You have probably heard that when times are tough – like a recession or market correction – that’s it’s wise to “stay the course.” Ironically, with a recovering economy androbust investment markets, this advice bearsrepeating. Here’s why.
Money to spend
A forecast from the Conference Board of Canada in March noted that Canadians saved almost 15% of their income last year, the highest rate in 35 years. That’s an average of $5,000 per person. The Board predicts that consumers will be spending big, driving the economy to grow by 5.8% in 2021.1 In April, the Bank of Canada said households look intent on spending some of the billions built up during the pandemic either because they cancelled purchases or had no place to spend the money.
The overheated housing market suggests Canadians are spending here too. Prices have increased more in Canada than in any other G7 country, with the national average home price reaching a record $716,828 in March, up 31.6% from the same month last year.
Some are predicting another “Roaring Twenties” with consumers spending freely – even recklessly – as we celebrate the endof pandemic restrictions. At times like this,it’s easy to be blown off course on the waytowards your long-term goals, like a successfulretirement. What to do? Keep these keyprinciples in mind:
1.Keep investing. No one would begrudge Canadians some enjoyment spending afterlast year, but stay committed to your future too. Keep up or begin a regular investment program so that some of your discretionary income is always earmarked for a future that will come, come what may.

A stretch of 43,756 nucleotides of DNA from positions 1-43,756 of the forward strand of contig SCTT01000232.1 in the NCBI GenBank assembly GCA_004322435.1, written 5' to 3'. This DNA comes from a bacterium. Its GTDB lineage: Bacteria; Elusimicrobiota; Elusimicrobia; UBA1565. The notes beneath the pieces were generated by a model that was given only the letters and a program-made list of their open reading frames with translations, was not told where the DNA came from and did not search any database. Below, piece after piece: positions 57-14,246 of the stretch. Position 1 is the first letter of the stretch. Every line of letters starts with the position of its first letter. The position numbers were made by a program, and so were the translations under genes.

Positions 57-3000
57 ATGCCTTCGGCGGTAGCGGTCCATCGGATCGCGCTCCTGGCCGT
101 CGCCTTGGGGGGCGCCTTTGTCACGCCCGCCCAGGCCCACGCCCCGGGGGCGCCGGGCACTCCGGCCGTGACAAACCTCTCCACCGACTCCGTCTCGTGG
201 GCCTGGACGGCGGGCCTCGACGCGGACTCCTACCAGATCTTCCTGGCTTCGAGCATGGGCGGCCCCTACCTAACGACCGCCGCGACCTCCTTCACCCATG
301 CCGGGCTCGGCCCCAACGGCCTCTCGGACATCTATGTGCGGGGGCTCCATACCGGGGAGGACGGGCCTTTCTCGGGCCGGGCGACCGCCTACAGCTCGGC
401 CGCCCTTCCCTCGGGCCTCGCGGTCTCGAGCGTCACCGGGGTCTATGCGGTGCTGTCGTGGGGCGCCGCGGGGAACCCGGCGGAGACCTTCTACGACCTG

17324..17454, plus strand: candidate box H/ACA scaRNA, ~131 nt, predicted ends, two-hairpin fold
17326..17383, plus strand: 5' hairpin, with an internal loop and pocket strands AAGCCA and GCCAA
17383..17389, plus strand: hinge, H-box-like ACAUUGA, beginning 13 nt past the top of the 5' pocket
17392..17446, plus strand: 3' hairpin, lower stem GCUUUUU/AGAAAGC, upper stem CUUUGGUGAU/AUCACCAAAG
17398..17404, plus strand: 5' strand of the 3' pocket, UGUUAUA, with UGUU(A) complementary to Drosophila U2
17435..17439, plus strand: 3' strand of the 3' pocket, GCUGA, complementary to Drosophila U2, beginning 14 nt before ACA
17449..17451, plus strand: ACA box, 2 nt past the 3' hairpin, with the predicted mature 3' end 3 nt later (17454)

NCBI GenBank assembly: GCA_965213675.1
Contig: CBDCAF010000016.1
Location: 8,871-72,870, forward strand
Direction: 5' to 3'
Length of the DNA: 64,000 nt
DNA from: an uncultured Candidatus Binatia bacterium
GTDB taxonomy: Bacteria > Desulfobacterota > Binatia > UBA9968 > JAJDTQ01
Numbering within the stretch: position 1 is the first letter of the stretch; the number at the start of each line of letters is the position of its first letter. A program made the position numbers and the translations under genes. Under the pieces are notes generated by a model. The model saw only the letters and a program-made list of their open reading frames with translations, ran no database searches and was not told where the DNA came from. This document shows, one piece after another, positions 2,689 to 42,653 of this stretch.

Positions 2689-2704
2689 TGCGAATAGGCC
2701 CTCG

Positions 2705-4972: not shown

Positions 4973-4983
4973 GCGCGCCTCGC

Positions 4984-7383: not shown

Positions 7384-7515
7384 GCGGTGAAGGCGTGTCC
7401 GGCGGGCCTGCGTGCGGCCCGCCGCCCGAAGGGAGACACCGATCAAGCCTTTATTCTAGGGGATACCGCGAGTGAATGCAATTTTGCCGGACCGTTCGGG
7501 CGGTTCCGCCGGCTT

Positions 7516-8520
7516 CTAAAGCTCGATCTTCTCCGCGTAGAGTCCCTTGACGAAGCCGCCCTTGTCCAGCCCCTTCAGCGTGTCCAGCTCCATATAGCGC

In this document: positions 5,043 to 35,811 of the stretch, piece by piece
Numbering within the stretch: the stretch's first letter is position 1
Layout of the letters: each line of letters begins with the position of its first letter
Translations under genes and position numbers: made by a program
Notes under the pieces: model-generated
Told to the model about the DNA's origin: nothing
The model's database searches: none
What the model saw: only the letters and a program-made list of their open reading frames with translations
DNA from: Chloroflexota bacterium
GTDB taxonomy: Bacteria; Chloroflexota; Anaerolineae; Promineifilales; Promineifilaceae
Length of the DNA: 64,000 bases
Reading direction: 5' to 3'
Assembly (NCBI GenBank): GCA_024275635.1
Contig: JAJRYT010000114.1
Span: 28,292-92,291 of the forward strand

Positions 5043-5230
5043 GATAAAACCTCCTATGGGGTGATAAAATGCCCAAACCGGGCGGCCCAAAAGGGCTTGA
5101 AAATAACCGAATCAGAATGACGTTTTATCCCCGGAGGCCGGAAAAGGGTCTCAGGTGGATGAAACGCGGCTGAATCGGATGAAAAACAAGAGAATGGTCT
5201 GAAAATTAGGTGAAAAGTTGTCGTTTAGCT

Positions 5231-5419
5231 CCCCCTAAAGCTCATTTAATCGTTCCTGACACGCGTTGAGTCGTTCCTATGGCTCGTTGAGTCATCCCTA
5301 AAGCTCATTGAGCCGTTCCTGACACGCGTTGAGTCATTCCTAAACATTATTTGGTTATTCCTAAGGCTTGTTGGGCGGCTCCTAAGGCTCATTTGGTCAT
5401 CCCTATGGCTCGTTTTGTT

2. Take a portfolio approach. If the marketscontinue at their current pace, thetemptation of exotic investments is likelyto increase. The run-up in cryptocurrenciesand the GameStop fiasco suggest someinvestors have become less fearful, evencomplacent about their money. Stayingtrue to a well-constructed, diversifiedportfolio aligned to your goals and risk tolerance provides a bulwark against fads,impulsive actions, and herd mentality.
3.Build resilience. “This too shall pass” is a great mantra in both bad times and good.A prolonged expansion can lead us to forget about the tough times and ignoresome of our safeguards, like an emergencyfund or our insurance coverage. Keepingthese safety nets in place and strongwhile we can will prepare us for the nextfinancial challenge we’ll face.
Value of advice
Studies have shown that one of best defences against investor behaviour that destroys wealth is having an advisor. Hand-holding, providing perspective, reminders about your plan and goals are all as important as the investment work we do. Let us help you be successful today and tomorrow.